Nature Study Area, Tilden Regional Park, CA
A view of Mount Tamalpais rising from San Francisco
Bay will be the reward for hiking to the top of Wildcat Peak
in Tilden Park. This trail loops through eucalyptus and oak
forests, up moderately steep hills, then back to one of the
best nature study areas in the Bay Area.
Be sure to pick up a Tilden Nature Study map at the
Environmental Education Center (EEC); it contains a legend
of trail symbols to help you follow the right paths. The
trail begins at the edge of the eucalyptus forest directly
behind the EEC. Look for the Jewel Lake Trail sign and the
Sylvan Trail marker.
This trail affords an excellent opportunity to compare
different biomes. The first part of the hike is a gentle
climb through pungent eucalyptus, abruptly yielding to oak
woodland as you near Peak Trail. Then hikers climb
moderately steep switchbacks through grassy hills (covered
with wildflowers in spring) and chaparral slopes to Wildcat
Peak at the top of the loop.
Here there is a spur(.10 mile) which leads to the top of
Wildcat Peak,high above the tops of the eucalyptus trees.
You will find a circular stone observation plaza at the top.
On a clear day hikers can view San Francisco Bay with
Mt..Tamalpais rising above the bridges in the west, and Mt..
Diablo looming above rural Contra Costa County to the
To descend and complete the loop, retrace your steps on
the spur back to Peak Trail. At this point continue on
towards Nimitz Way. About 30 yards before the paved road the
trail makes a right turn and begins to weave through a lush
When you come to the fire road (Laurel Canyon Road)
follow it to the right until you come to the marker for
Laurel Canyon Trail. Going left, you'll follow switch backs
and cross tiny streams in the shade of large oaks and
laurels. The trail continues on the other side of the next
fire road, but about 10 yards to the left.
The last leg of your trek takes you out of the oaks, back
into the eucalyptus grove, across one more fire road and
finally deposits you back in the meadow behind the EEC.
The trail described above is probably the most
interesting and scenic route to the top of Wildcat Peak, and
back again. See the Tilden Nature Study Area brochure and
map for other ideas.
Historical and Natural
Tilden Nature Study Area has had a long history: first as a
nature camp for Oakland school children in the 1930's, then
as part of the East Bay Regional Park District. Since the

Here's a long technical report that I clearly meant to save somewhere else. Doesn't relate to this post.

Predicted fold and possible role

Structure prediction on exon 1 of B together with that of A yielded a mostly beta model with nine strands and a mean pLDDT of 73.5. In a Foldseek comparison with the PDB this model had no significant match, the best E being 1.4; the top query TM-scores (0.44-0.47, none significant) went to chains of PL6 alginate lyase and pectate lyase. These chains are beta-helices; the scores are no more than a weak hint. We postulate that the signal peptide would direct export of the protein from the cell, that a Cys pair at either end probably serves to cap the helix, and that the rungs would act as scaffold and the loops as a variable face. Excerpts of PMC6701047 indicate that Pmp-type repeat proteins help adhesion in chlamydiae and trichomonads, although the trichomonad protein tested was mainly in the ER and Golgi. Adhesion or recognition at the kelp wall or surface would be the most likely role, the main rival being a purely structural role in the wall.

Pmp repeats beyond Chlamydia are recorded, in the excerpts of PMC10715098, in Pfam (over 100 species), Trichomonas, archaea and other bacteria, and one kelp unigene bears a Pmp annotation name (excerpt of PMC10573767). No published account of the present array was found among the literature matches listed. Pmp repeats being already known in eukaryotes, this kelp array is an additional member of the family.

1960's Tilden has operated a wonderful nature study program
with professional naturalists.
The Nature Study Area consists of many habitats:
Eucalyptus and oak forests, grasslands and shrub areas.
Before it was a nature study area it was a cattle grazing
area, and in the 1930's trees were plated in what was once
open grasslands to preserve the watershed.
East Bay Regional Park District
2950 Peralta Oaks Ct.
PO Box 5381
(510) 635-0135 (general information)
(510) 636-1684 (group camping reservations)
(510) 525-2233 Tilden Nature Study Area
Distance: 2.5 miles
Time: Allow about 2 hours
Elevation gain: peak is 1250 feet high
Grade: mostly gently with some moderately steep grades near
Suggested age: Wolf Cubs through Webelos. There is quite a
bit for non-hikers tot to do as they wait at the EEC for
Suggested season: All seasons. Late winter and early spring
for a rewarding view and full streams; spring for
wildflowers; relatively cool in summer
AAA "Alameda-Contra Costa Counties," "Oakland."
Tilden Nature Study Area Map, distributed by EBRPD,
available at most EBRPD Parks.
By Car: From Highway 24 take the Fish Ranch Road Exit (just
east of the Caldecott Tunnel); go north about 1 mile to
Grizzly Peak Blvd., turn right; stay on Grizzly Peak about
12.5 miles; turn right on Canyon Drive, go about .10 mile
and veer left on Central Drive, following signs to the
Little Farm and Nature Study Area. There are no fees.
By Public Transit: AC Transit #67 bus stops in the
parking lot near EEC, weekends only.
Be sure each and every member of your party is familiar with
poison oak in its various forms before you start your hike.
It is abundant here, but not a problem if everyone stays on
Long pants will help protect against poison oak and
thistles which may grow close to the trail.
In the rainy season some parts of the trail can be very
muddy; wear shoes that can take the muck.
Environmental Education Center (has toilet facilities)
Tot Lot playground
Non-reservable picnic area
Activity suggestions and other
Also located in Tilden Park are a swimming area at Lake
Anza, Botanic Garden, antique merry-go-round, ponies and
model steam trains to ride, and more.
Achievements: 7a, 8e, 10b and Electives 13a, 13d, 18a, 18b,
Achievements: 5d, 10a, 12b, 12c, 12e, and Electives 11a,
11b, 12a, 12c, 12f, 23e
Forester, Naturalist, Traveler, Family Member
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